Winner of the 2020 Cave Canem Northwestern University Press Poetry Prize
At once interested in the cyclical nature of domestic dysfunction and what we do when secrets of buried harm come to light, Blessed Are the Peacemakers asks what it means to make peace in the wake of intrafamilial violence and child sexual assault. These poems explore the ways the truth is often hidden behind layers of bleach and shame, and the ways we fail survivors by dismissing their stories and tolerating their abusers.
Filled with elegies to the people who have been murdered by state violence, racism, and anti-Blackness in the United States, Blessed Are the Peacemakers interrogates the lengths and limitations of grace. Brionne Janae examines what it means to survive—particularly as a Black girl, woman, queer person, or human—and uses self-portraiture to explore how familial and communal trauma plague our mental health. How do we survive the grief of the past and present without becoming numb to or consumed by it? How do we remember, despite our pain, to enjoy our bodies and our lives while we still have them?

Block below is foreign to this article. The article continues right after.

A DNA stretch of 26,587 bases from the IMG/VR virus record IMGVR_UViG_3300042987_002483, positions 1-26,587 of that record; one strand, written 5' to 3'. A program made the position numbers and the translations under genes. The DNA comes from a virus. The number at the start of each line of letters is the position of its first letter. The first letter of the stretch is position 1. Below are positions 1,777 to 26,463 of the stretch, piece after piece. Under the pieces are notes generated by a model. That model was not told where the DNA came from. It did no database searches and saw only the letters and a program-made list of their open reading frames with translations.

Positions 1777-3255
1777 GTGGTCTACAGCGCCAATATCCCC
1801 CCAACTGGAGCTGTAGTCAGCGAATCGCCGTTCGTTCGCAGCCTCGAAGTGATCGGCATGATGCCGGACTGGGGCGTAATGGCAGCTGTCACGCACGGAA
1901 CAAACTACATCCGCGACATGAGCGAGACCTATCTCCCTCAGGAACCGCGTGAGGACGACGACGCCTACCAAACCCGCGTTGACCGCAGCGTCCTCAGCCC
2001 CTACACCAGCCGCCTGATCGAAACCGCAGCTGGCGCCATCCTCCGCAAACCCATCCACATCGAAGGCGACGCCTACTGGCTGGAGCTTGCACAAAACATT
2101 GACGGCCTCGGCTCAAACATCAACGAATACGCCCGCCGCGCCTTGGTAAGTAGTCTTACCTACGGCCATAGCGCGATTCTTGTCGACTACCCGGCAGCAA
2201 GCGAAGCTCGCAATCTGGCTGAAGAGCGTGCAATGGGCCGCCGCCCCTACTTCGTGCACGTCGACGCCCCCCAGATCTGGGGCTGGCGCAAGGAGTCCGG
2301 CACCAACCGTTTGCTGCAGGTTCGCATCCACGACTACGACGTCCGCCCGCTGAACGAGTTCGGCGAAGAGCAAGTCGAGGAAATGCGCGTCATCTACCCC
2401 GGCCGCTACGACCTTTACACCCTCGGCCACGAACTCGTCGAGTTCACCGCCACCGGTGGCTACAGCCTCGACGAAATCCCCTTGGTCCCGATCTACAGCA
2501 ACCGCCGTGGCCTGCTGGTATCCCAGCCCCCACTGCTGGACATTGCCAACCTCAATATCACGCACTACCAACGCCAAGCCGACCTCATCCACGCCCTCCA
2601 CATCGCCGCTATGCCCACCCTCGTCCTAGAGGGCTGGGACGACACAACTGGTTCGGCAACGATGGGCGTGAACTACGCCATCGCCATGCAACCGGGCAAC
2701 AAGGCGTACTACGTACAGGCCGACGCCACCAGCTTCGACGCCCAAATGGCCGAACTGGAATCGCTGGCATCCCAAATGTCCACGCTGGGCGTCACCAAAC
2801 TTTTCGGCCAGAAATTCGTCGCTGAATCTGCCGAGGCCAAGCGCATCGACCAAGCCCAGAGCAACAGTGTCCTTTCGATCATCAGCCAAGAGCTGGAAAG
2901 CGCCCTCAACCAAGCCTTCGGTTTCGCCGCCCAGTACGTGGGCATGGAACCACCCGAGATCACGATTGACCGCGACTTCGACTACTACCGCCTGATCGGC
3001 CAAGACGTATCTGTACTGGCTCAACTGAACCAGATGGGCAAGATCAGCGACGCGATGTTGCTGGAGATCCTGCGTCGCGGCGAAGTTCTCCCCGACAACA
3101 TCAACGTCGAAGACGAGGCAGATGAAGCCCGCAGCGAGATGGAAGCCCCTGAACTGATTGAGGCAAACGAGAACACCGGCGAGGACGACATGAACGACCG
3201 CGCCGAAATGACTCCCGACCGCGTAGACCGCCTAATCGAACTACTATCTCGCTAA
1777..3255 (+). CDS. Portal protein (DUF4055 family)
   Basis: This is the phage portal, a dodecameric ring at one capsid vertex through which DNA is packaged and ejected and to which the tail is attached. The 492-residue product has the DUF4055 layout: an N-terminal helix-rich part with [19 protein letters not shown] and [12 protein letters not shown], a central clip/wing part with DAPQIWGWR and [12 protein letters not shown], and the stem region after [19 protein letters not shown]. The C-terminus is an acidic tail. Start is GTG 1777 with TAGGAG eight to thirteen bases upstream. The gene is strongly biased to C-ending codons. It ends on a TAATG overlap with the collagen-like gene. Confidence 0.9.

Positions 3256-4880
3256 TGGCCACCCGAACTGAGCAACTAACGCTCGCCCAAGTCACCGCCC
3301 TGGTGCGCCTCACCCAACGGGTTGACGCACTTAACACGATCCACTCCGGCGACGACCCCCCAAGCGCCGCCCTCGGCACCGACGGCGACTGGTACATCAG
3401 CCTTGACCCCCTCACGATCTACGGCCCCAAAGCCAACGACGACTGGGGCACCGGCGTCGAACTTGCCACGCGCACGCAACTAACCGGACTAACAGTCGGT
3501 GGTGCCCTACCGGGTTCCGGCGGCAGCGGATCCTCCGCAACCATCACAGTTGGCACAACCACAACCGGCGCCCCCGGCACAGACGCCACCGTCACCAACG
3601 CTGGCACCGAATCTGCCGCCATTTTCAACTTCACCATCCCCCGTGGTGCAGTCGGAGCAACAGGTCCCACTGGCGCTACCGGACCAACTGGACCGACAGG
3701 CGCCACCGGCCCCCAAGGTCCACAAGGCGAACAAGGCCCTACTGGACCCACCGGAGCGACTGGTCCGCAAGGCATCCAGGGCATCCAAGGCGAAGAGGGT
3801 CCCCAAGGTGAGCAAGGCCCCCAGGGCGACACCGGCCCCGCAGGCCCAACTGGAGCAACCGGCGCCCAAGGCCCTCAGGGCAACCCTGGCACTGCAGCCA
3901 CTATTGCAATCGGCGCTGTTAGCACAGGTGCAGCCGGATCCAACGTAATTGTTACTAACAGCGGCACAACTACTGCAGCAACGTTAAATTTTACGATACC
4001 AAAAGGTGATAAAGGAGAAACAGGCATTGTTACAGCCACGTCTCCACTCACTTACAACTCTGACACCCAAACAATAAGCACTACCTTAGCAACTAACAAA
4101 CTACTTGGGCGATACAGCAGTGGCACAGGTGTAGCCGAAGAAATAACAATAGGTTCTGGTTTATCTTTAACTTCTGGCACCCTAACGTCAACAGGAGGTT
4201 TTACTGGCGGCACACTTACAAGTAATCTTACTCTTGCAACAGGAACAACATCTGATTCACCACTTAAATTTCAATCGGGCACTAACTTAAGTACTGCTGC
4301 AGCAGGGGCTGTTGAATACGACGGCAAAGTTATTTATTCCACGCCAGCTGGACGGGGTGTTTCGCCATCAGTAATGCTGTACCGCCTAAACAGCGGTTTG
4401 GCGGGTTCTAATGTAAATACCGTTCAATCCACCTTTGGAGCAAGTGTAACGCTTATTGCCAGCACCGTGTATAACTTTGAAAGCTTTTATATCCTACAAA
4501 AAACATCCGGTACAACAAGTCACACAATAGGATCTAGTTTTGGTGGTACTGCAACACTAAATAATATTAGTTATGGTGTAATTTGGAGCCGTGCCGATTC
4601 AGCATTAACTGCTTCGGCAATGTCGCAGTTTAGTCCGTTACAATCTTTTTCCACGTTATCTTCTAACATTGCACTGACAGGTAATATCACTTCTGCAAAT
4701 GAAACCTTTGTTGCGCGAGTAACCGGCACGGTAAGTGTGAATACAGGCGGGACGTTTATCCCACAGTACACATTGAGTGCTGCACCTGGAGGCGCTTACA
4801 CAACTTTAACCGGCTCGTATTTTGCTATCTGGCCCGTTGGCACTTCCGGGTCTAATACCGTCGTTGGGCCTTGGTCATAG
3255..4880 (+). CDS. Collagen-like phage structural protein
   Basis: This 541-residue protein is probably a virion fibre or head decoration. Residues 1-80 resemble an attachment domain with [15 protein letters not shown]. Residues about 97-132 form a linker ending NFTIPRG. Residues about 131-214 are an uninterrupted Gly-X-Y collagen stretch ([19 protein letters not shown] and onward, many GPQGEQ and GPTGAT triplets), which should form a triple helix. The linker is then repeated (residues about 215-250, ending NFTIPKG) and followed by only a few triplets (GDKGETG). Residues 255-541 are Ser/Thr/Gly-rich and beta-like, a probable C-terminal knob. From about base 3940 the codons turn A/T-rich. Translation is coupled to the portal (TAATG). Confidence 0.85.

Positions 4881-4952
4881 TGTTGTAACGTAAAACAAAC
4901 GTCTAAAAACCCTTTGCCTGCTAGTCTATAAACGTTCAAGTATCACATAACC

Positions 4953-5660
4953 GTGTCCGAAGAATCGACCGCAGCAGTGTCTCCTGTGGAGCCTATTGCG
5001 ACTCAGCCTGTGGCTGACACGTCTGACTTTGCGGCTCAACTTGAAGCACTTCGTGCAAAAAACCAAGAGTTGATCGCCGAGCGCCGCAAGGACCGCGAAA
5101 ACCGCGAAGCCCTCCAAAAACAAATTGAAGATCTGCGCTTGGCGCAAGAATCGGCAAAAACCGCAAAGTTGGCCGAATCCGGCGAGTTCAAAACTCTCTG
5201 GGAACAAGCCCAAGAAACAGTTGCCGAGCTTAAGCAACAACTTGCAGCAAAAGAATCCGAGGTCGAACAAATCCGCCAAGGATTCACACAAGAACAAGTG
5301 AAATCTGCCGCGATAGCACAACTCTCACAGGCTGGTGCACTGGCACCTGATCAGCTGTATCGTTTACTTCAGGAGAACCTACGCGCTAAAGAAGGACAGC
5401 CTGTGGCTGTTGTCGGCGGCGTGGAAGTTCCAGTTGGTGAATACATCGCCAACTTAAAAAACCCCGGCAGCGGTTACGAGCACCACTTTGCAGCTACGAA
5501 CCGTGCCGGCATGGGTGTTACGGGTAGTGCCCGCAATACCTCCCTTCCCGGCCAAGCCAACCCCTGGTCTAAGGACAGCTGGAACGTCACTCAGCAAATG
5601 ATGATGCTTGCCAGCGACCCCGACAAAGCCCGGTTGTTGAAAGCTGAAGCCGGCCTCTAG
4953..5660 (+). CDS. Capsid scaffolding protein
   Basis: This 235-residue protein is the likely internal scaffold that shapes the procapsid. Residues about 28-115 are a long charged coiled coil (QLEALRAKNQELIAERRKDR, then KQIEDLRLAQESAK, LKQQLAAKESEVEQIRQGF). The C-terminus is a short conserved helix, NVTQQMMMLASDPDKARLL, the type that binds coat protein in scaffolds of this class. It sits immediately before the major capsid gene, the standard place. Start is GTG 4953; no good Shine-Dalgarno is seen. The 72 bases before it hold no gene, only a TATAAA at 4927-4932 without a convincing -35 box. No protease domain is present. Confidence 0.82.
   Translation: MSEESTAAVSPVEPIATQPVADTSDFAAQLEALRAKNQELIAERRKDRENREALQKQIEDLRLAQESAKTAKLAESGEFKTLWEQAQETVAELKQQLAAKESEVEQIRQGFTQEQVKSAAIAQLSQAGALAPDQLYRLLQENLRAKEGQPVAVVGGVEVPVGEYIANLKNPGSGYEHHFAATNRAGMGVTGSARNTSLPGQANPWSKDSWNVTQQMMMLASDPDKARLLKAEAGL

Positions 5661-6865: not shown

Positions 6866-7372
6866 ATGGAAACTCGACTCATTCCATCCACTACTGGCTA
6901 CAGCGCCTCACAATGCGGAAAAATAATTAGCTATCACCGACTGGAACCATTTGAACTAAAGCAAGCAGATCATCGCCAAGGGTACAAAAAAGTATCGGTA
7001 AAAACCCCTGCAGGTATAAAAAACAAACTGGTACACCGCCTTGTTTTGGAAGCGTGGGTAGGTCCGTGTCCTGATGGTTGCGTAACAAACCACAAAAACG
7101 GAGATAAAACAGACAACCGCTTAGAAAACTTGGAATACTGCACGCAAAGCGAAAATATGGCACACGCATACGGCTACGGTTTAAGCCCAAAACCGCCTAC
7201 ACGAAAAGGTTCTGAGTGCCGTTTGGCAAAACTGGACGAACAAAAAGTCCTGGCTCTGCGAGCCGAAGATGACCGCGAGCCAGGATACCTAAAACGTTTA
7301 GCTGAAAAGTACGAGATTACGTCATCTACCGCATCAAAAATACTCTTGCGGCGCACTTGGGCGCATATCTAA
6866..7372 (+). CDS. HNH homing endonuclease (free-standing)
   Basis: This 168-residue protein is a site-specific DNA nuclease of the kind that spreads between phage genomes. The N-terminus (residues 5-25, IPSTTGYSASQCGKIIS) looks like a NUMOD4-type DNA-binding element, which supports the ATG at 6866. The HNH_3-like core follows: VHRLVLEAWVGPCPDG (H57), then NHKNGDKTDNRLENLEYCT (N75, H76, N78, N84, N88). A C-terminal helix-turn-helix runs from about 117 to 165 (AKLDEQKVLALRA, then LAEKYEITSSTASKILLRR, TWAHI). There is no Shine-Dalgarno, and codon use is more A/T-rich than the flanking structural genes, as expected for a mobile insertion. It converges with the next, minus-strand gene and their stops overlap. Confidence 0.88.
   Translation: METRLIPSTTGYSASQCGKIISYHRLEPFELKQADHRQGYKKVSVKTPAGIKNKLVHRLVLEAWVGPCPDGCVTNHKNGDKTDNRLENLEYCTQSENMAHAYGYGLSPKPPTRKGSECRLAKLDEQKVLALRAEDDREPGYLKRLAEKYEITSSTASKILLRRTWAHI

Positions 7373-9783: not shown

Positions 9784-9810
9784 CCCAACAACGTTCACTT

"Drawing the monster of inheritance as it shapeshifts, these poems illustrate how our fathers’ sins can make fugitives of us. When an insistence on ‘holding up the blood‑stained banner’ has led to autophobia, what then to make of our mother’s tear‑stained face in the mirror, her ‘breathing like a gazelle run down?’ Saved in moments by something as simple as the sight of the lemons growing in their grandmother’s yard, abandoned in others to ‘don’t touch me’ seeping through the wall, the speaker in this elegiac collection finds in the fact of flesh the hope of praise.” —Lyrae Van Clief‑Stefanon, author of Open Interval